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Critical Element For Success: The Advisor
By: George Spilka
Posted: March 5, 2008, from the March 2008 issue of GCI Magazine.
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Do not underestimate the value of an advisor who clearly articulates advice and ideas in a manner that provides strong guidance. The advisor must have the strength of will, the breadth of knowledge of the acquisition process and the ability to convey that to an owner or CEO to gain buy-in to his leadership in this process. Although the ceding of a minimal amount of control is often difficult for an owner or CEO, it is necessary if the seller is to maximize their transaction price. The proven advisor must guide and direct the process, though the seller should always retain the unqualified right to make all decisions regarding the acceptance or rejection of a specific deal’s pricing and terms.
Any seller foolhardy enough to want an advisor they can totally control is making a critical mistake. Realize that an advisor who can be dominated by his client will also be likely dominated by the acquirer. What the seller really needs is the rare advisor with the proven record of being able to control large, sophisticated acquirers and obtain premium prices for their clients.
If a company has multiple shareholders who have significantly different financial and personal objectives, for example, it becomes even more imperative to find a strong-willed advisor. The advisor must have the expertise to develop a solution to reasonably satisfy all shareholders and the ability to articulate why the compromises inherent in his solution will fairly benefit all shareholders. This mandates not only a strong and forceful advisor, but also one that has compassion and understanding. This will facilitate his appreciation of the significance of the personal reasons, objectives and conflicts that make certain divisive issues important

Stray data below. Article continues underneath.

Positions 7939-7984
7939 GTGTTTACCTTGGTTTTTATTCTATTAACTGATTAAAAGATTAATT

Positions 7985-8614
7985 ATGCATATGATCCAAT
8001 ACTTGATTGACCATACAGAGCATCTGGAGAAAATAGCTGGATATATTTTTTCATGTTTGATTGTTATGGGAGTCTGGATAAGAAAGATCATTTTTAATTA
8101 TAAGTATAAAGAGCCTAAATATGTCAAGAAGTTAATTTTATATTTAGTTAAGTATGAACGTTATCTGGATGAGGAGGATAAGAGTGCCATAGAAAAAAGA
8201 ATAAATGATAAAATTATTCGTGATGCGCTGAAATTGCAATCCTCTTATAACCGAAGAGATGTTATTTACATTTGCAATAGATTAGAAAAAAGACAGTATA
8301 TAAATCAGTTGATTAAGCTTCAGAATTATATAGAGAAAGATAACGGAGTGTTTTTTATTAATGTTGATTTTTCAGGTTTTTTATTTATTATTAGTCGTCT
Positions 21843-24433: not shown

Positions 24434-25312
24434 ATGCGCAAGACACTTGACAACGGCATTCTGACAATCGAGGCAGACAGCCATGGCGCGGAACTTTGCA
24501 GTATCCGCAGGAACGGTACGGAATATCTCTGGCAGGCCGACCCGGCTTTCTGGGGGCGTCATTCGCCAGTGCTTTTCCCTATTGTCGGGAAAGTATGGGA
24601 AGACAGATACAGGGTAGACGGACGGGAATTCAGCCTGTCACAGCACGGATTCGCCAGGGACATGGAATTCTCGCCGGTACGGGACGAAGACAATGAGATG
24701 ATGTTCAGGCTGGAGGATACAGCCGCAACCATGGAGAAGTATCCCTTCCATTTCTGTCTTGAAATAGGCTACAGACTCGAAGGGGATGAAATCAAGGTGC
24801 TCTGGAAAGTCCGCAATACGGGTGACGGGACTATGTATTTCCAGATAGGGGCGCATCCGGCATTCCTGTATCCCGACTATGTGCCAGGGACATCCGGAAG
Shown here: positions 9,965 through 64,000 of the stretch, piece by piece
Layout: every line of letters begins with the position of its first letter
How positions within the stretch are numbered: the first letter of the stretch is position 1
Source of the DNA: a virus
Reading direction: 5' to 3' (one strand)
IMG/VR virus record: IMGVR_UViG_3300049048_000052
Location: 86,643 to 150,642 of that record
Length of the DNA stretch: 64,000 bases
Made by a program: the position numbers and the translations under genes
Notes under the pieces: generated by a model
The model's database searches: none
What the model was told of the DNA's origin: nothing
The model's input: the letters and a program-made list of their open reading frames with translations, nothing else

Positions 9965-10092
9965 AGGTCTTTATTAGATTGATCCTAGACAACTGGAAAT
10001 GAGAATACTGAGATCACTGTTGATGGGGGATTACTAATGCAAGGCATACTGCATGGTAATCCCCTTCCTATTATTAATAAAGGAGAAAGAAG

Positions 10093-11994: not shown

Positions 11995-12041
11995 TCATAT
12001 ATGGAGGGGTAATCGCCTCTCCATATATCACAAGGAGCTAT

to particular shareholders. In this way, a compromise can be developed that will make all shareholders agreeable to the solution.
If it is necessary to transact a premium-priced deal, an advisor must be patient. You don’t want an advisor committed to a quick sale, regardless of price, as the objective is to consummate a deal only after a premium price has been obtained. Until that is realized, no sale should occur.
Although the normal time to transact a deal is usually six to 12 months from when an advisor begins evaluating the company, it may take two to five years to consummate a premium-priced deal in some situations. In these cases, probably about 5–10% of total deals, a much longer time is required if the seller’s legitimate objectives are to be fully satisfied. Therefore, experience with these time issues should also be discussed with a potential advisor. If they have not taken an extremely long time to successfully complete a few sales, it may be indicative of an interest in “churning deals” at less than premium prices, rather than in getting maximum value for their clients.